Engineering Students to Build Life-Size Truss Bridge on Campus

On the morning of January 7, Middle School and Upper School students gathered for special Chapel services outside Becker Library for the dedication and blessing of the school’s new HOPE tree, which will serve as a meaningful reminder of our yearlong Engineering and Physics Instructor Danielle Horton routinely provides students with hands-on learning opportunities, such as building truss bridges with spaghetti noodles and hot glue. This spring her students will have the opportunity to recreate this class project for the real world and build a full-size truss bridge on campus.
 
While studying bridges, Horton’s students research 15 to 20 different trusses, trace their paths of force, discuss the advantages and disadvantages of each, and mathematically solve for different weight loads using varying joint designs. Her students then design their own bridges with a computer drawing program and build a small 3D version with pasta for testing and analysis. Now they will use this knowledge to build a full-size structure.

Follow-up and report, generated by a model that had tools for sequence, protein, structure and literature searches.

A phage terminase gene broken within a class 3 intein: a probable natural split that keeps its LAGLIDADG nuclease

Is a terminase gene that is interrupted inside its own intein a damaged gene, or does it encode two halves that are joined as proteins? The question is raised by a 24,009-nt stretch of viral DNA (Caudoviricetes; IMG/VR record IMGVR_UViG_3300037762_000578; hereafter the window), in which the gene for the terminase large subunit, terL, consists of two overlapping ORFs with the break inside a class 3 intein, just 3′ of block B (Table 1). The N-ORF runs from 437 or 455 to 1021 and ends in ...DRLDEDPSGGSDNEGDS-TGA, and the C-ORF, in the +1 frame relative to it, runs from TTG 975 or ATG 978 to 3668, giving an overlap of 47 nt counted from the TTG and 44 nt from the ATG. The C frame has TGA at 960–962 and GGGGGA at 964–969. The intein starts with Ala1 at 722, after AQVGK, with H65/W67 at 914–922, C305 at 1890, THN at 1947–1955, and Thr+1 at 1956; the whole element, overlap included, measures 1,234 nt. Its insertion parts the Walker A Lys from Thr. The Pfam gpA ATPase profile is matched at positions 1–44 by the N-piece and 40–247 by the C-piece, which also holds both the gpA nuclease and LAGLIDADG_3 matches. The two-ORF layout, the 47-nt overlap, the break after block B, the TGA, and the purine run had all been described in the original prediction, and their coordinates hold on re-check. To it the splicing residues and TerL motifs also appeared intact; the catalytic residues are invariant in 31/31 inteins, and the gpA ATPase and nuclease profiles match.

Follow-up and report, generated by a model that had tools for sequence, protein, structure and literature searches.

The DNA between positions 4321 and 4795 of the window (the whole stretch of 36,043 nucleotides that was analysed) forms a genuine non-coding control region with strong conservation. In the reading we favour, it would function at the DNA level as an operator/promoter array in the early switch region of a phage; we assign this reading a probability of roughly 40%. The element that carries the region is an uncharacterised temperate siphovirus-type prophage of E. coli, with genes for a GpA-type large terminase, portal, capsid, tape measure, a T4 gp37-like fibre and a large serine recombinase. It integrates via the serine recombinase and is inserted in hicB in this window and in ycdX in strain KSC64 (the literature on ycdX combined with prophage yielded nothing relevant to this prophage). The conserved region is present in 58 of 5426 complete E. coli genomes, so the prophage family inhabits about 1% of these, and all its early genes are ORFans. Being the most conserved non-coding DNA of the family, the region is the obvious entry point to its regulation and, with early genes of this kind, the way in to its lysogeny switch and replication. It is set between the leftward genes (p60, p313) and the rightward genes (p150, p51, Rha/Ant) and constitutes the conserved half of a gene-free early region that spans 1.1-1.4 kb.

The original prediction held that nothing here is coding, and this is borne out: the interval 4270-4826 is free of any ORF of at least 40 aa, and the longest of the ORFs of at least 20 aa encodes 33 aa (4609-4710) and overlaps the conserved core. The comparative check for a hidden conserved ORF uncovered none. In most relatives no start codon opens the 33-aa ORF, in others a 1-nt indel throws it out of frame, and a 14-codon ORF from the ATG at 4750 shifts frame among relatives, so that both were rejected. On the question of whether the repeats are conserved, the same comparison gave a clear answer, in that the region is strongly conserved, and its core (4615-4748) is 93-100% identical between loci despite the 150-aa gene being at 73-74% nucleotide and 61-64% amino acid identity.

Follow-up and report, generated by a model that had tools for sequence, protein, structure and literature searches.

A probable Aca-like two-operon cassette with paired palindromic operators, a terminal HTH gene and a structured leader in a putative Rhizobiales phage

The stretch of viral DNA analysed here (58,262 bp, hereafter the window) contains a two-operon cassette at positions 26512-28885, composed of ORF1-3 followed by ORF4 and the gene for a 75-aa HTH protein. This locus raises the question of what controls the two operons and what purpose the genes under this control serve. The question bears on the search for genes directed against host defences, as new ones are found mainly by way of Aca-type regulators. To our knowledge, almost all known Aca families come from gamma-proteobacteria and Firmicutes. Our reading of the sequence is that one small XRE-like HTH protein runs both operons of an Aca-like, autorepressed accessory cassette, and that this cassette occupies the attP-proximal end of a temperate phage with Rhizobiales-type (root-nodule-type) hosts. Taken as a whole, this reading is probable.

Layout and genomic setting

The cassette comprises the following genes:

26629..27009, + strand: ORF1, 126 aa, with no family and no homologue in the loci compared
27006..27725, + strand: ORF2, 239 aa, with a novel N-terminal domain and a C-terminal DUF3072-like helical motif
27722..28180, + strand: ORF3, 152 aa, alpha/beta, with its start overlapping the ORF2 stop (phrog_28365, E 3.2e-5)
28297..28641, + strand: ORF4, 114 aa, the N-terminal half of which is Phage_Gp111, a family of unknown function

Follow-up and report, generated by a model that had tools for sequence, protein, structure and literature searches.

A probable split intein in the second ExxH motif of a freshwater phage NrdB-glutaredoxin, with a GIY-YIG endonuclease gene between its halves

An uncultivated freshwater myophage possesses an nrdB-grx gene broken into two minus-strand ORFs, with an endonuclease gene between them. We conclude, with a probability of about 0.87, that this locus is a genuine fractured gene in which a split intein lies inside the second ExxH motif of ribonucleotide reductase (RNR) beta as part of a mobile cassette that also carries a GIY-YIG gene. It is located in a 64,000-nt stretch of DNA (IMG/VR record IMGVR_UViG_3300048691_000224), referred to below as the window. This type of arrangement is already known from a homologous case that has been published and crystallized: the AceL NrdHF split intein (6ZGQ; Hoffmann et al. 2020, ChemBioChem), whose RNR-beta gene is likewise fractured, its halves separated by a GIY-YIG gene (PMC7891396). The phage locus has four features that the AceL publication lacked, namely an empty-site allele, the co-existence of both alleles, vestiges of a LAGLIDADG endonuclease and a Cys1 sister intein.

In early December, after working with Director of Outdoor Education Charlton Perry to identify a spot on campus in need of a bridge, Horton took her engineering classes out to examine the area. They will now work together to design, model and test a prototype, and then build the actual structure. The final bridge will span 20 feet and sit 4 feet above a creek bed.
 
“The parameters are different from spaghetti bridges but the concepts are the same, so students can easily adapt their designs to this outdoor space,” explained Horton, who will document her students’ progress throughout spring term.
 
“This is a neat way to extend student learning from the classroom to the real world,” she added.
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